Initially associated with end-of-life cancer care, palliative medicine has evolved with the times, both to reflect changing social mores, and to engage with the medical dilemmas posed by new diseases. The AIDS epidemic in the 1980s was a huge challenge to which pioneers like Professor Rob George responded with pragmatism and vigour, while staying true to Dame Cicely Saunders’ vision: “Those coming from non-cancer clearly had the same spectrum of problems as those dying with cancer, yet it was so hard – and depressingly, it still can be very hard – to get hospice engagement for patients with unfamiliar life-limiting diseases, facing complex problems and difficult social circumstances. Because I came into palliative care medicine in 1987 through starting services for people dying with HIV in central London, caring for people based on need and not diagnosis, culture, status, etc., has been a passion for me from the start.” The myth of the “white and middle class” hospices providing “deluxe dying” for a privileged minority was further debunked by Professor Dame Barbara Monroe, a social worker by training. Now Chief Executive of St Christopher’s hospice, she pointed out that “20 per cent of our patients are non-white British and more than half come from the two most deprived quintiles of the index of multiple deprivation.”
The issue of how best to treat those Professor George described in an email as “the disadvantaged dying” proved one of the most fascinating aspects of the seminar. The pioneering treatment at the Princess Alice Hospice in Surrey (where, incidentally, Wellcome Trust writer Chrissie Giles spent much of last Summer running a creative writing class – see ‘Stories from the day hospice’) stands out in this regard. Dr Andrew Hoy, Founding Medical Director of the Princess Alice, admitted to being “frankly embarrassed by the hospice movement’s stricture that actually they would only take AIDS patients who happened to have a cancer”. In those less enlightened days, before the advent of anti-retroviral drugs, and when the stigma surrounding HIV/AIDS was great, concerns over patient confidentiality and the impact on the local community were predominant. In cases where community support was crucial, this could also have an effect on the vexed issue of funding – a recurring topic in many of the Witness Seminars. At that time, 90 per cent of the funding had to come from charitable sources, and there was great concern that if an institution ceased to be predominantly a cancer hospice, funding would not be forthcoming. Professor Clive Seale recalled “considerable tension about this in the 1990s … as the public view of people with HIV/AIDs was felt by many to differ from that of people with cancer, creating something of a dilemma with hospice advocates, perhaps concerned to maintain the success of their fund-raising activities.”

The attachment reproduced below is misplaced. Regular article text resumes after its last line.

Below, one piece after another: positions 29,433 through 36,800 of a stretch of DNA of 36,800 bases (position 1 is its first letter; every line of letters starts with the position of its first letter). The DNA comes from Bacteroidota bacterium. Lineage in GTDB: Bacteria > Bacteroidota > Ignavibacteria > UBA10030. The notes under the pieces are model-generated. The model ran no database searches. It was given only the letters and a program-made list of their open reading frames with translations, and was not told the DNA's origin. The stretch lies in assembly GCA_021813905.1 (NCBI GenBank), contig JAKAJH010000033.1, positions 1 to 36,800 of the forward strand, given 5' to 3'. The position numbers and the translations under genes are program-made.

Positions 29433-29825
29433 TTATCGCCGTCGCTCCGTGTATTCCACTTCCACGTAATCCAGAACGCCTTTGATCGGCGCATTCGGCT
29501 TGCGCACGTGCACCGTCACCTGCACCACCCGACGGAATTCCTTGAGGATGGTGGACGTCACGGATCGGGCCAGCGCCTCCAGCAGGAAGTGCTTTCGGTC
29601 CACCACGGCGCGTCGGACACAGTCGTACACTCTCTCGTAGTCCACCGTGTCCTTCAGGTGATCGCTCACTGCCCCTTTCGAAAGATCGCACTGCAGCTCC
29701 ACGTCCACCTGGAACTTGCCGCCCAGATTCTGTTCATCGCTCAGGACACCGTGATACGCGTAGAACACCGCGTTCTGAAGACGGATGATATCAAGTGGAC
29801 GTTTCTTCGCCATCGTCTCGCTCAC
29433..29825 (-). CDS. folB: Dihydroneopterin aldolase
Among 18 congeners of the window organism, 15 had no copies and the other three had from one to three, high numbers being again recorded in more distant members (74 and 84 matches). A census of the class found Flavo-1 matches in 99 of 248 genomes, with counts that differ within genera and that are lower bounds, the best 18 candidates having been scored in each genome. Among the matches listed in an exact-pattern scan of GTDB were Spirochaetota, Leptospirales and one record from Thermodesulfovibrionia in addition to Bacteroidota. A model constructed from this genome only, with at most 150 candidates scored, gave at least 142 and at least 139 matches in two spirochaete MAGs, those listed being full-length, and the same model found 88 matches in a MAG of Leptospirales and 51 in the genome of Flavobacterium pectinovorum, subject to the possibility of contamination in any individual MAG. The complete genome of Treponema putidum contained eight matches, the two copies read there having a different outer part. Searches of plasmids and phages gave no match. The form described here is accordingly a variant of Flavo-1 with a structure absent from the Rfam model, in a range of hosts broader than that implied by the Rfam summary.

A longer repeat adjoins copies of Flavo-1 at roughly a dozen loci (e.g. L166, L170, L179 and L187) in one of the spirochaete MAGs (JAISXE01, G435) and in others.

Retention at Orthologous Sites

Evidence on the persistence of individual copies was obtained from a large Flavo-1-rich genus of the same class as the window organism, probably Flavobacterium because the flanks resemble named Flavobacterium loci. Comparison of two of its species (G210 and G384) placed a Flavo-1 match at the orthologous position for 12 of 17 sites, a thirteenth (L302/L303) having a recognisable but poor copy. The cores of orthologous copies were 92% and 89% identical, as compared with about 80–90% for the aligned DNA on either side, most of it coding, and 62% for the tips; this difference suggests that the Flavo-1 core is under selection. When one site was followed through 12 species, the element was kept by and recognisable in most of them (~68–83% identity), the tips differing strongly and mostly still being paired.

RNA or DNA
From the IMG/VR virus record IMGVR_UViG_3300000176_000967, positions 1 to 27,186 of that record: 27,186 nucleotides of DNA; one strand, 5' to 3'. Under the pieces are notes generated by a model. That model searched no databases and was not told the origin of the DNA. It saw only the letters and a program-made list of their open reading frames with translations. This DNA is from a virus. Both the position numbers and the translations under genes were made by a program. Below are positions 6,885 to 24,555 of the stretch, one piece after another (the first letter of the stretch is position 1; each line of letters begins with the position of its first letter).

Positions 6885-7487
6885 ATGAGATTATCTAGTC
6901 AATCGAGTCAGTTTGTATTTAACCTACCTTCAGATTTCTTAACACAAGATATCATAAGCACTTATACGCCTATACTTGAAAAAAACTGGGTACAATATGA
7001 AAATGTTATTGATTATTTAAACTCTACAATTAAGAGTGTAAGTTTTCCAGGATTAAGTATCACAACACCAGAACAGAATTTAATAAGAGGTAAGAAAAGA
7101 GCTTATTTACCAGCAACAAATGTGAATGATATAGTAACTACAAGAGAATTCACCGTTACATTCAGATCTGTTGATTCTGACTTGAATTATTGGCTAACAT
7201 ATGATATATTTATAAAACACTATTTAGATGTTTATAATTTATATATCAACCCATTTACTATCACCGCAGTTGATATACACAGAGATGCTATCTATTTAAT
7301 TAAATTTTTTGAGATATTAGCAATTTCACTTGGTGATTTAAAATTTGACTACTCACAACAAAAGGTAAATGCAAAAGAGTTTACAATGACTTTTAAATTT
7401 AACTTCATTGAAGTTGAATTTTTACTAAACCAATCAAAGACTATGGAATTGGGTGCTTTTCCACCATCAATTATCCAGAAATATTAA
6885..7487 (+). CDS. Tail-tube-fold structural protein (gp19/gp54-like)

The role of palliative care continues to change with the times. Dr Mary Baines was a contemporary and friend of Cicely Saunders, and is a great advocate of care at home, where much palliative medicine is now practised. She was involved in starting the first home care team in 1969, two years after St Christopher’s started, “and now there are 800+ people at home, and 48 inpatient beds. So that is by far the biggest way in which hospice now works: working with general practitioners rather than taking over their care.”
The most powerful testimony of the positive role that hospices have to play, and the image that will stay with me the longest, came from Mrs Jean Gaffin, currently a Trustee of St Luke’s Hospice, Harrow and Brent: “…it was around 1970–72; I had a neighbour who went into St Christopher’s, and I visited him. I asked his wife on the way there: ‘What’s the difference? Why is he not in [their local hospital] St Helier? Why is he in this place called St Christopher’s which is so difficult to get to?’ And she said: ‘When he went into St Christopher’s, they cut off his number tag on the wrist and said, “You’re not a number; you’re a person”’. And I’ve never forgotten that remark.”
Tilli Tansey is Professor of the History of Modern Medical Sciences at the School of History, Queen Mary University of London.
The Makers of Modern Biomedicine Project at Queen Mary University of London is supported by a Wellcome Trust Strategic Award.